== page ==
The Danube River is the most international river in the world, flowing through 10 nations with disparate languages and cultures. The river's drainage basin includes nine more nations. While today's Danube is still a place of beauty and recreation for diverse peoples, the River faces serious long-term challenges from pollution and the climate crisis.

The Danube has always been incredibly important to me because my mother was born in a small village, Chl'aba, along its banks, and I grew up visiting there every summer. Following their retirement, my parents moved back to Chl'aba, and again my yearly visits began.

During these visits, I often spent extended times at the river's banks creating experimental images. Using a circular field of vision that is normally associated with a telescope, a microscope, or one side of binoculars, I isolated small details of the Danube's water and its surroundings to better interrogate their meaning and importance. Not only does this technique let the intrinsic value and precious nature of the Danube shine through, it helps us to better appreciate and understand the act of seeing itself.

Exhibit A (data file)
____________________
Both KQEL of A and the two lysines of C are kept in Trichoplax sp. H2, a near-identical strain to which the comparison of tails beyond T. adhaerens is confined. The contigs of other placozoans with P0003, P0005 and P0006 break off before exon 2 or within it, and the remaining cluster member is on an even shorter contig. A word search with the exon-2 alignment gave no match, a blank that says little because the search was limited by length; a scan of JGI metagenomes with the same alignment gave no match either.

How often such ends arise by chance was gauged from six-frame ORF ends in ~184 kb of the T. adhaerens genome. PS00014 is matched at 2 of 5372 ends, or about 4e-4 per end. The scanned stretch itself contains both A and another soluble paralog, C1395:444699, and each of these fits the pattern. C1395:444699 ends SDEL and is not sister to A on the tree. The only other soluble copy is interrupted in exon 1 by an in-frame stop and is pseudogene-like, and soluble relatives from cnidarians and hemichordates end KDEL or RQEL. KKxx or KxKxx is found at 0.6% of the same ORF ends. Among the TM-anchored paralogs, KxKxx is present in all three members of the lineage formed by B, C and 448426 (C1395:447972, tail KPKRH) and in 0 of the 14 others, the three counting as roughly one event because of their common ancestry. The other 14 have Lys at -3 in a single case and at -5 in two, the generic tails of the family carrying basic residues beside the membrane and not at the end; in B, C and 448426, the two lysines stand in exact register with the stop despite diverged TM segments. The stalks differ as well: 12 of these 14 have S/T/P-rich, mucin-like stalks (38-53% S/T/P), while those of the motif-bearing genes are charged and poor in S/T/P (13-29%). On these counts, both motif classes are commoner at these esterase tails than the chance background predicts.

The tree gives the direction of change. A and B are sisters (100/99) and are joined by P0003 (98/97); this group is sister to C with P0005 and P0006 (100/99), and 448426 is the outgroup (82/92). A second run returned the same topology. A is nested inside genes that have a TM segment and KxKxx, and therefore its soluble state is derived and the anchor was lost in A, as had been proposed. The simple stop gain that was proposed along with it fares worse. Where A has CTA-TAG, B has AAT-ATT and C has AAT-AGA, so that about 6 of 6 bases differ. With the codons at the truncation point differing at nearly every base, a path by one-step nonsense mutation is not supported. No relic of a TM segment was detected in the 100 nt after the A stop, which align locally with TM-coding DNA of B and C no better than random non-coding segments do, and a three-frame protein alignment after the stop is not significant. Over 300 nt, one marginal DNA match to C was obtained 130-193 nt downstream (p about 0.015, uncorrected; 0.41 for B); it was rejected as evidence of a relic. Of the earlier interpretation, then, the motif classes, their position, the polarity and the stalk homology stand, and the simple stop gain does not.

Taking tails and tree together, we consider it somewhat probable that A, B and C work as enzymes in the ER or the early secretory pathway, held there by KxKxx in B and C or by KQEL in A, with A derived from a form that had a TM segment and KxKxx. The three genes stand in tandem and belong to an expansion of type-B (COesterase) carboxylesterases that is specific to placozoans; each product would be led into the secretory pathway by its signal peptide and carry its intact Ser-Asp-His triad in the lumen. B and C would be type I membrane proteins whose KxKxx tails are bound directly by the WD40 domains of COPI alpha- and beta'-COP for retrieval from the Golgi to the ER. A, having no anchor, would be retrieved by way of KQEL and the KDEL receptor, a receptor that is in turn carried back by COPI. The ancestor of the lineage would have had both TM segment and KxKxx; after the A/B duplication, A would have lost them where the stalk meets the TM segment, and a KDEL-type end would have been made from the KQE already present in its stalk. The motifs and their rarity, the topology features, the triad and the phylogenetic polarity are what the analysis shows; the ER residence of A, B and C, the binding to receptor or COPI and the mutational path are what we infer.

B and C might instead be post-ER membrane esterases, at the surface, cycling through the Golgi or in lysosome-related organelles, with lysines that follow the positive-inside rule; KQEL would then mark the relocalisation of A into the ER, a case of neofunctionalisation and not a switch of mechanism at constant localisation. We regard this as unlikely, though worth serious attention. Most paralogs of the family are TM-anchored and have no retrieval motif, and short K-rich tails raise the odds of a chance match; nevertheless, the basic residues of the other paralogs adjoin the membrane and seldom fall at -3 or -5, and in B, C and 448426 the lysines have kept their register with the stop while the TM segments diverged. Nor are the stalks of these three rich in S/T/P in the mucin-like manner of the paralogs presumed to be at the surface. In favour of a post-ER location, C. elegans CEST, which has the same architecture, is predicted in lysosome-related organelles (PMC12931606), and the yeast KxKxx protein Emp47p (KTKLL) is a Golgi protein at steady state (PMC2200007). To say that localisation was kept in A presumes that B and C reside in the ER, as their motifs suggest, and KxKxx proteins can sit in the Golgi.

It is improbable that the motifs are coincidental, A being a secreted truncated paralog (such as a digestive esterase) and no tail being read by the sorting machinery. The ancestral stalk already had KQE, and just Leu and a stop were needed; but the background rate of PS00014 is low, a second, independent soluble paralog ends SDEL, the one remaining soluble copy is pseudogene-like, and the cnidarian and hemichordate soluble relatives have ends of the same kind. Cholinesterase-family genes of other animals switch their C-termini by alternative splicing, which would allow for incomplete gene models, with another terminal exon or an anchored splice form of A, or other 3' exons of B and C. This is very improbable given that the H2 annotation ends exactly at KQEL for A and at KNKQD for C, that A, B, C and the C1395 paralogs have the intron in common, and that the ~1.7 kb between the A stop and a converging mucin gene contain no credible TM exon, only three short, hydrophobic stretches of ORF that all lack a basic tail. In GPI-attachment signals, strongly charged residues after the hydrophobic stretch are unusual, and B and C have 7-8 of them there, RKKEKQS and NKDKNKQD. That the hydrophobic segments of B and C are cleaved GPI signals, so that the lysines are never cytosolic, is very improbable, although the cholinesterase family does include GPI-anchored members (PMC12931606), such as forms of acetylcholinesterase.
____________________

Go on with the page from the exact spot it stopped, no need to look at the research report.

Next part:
My engagement with the Danube has produced two long-term projects carried out together with Mark Isaac. The first is a very personal project about my family and their life in Chl'aba, called The Shadow of Smoke, which you can view here. The second is an in-depth study of the Danube based on its status as a political and cultural borderland -- and the site of "fluid borders" that freely spread environmental and climate crises. You can view the second project here.

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